• Prodrug-activating gene expression.

Combination with ‘standard-of-care’ chemotherapies

For most cancers, standard treatment protocols include chemotherapeutic drugs. However, currently used doses are frequently associated with, and limited by, a variety of adverse side effects that include bone marrow suppression and hepatic-renal-gastrointestinal toxicity. Therefore, it is both reasonable and practical to use oHSV in addition to ‘standard-of-care’ drugs. Preclinical studies both in vitro and in vivo are critical to determining whether the interaction between the two agents is beneficial and ensuring safety before clinical translation. When synergistic interactions in cancer cell killing are observed, chemotherapy dose reductions that achieve the same overall efficacy may be possible, resulting in a reduction of adverse side effects. This can be especially beneficial for patients, and thus provides a further rationale for the combination strategy.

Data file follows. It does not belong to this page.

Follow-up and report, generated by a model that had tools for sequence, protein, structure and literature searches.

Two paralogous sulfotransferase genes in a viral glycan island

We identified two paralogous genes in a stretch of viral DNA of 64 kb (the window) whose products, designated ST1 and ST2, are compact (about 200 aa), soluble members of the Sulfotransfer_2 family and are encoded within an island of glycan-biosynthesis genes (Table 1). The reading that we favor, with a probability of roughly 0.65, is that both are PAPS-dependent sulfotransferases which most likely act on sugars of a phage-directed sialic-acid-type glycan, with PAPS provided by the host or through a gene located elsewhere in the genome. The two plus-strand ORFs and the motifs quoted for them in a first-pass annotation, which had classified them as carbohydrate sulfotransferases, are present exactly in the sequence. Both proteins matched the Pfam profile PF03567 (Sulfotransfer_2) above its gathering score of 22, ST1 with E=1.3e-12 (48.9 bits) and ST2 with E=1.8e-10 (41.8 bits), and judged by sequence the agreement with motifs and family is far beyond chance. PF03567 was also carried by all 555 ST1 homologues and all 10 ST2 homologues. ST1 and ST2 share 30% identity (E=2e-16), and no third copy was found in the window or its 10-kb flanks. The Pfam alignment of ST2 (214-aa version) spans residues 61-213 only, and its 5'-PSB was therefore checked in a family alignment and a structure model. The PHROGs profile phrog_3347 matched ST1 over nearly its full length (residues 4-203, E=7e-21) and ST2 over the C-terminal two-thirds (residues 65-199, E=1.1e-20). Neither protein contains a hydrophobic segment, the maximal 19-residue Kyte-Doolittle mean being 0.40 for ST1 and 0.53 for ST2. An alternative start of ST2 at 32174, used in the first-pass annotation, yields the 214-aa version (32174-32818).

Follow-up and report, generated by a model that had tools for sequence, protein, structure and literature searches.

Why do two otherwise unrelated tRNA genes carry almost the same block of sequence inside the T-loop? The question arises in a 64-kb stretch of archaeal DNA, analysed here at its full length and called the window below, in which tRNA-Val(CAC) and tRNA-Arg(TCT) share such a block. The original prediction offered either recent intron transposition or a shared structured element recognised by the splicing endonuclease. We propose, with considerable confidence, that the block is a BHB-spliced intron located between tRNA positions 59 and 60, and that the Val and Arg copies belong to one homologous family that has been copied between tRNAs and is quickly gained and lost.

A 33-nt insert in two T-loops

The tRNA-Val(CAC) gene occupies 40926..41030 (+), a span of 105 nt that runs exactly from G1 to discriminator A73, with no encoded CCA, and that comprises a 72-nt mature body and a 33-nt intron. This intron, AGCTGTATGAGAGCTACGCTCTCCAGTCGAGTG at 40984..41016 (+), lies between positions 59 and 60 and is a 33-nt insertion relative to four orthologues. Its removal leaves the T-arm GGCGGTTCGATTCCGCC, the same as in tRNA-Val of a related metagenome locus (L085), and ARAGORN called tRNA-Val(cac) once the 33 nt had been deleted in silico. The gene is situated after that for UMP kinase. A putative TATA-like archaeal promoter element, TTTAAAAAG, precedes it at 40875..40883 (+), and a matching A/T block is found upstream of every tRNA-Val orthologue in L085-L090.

In a prototypical study by Toyoizumi et al., the combinations of oHSV 1716 and any of four standard chemotherapeutic drugs (MMC, CDDP, methotrexate and ADR) were tested for efficacy against five human NSCLC lines [48]. The interactions of the combined agents were evaluated using isobologram analysis. For two out of five NSCLC lines, the combination of 1716 and MMC worked synergistically, while it was additive for the remaining three cell lines. MMC did not affect viral replication at the doses used, and 1716 did not affect MMC metabolism [48]. Interestingly, CDDP, methotrexate or ADR with 1716 were only additive, suggesting that a general induction of apoptosis, common to these cytotoxic drugs, was not responsible for the synergy but rather distinct drug-related responses. These studies were the first to demonstrate that chemotherapy and oHSV could act synergistically to kill cancer cells, and that this would enhance their antitumor activity. More recent studies have begun to examine the mechanisms underlying the positive interactions between oHSV and chemotherapeutic drugs, and will be discussed later.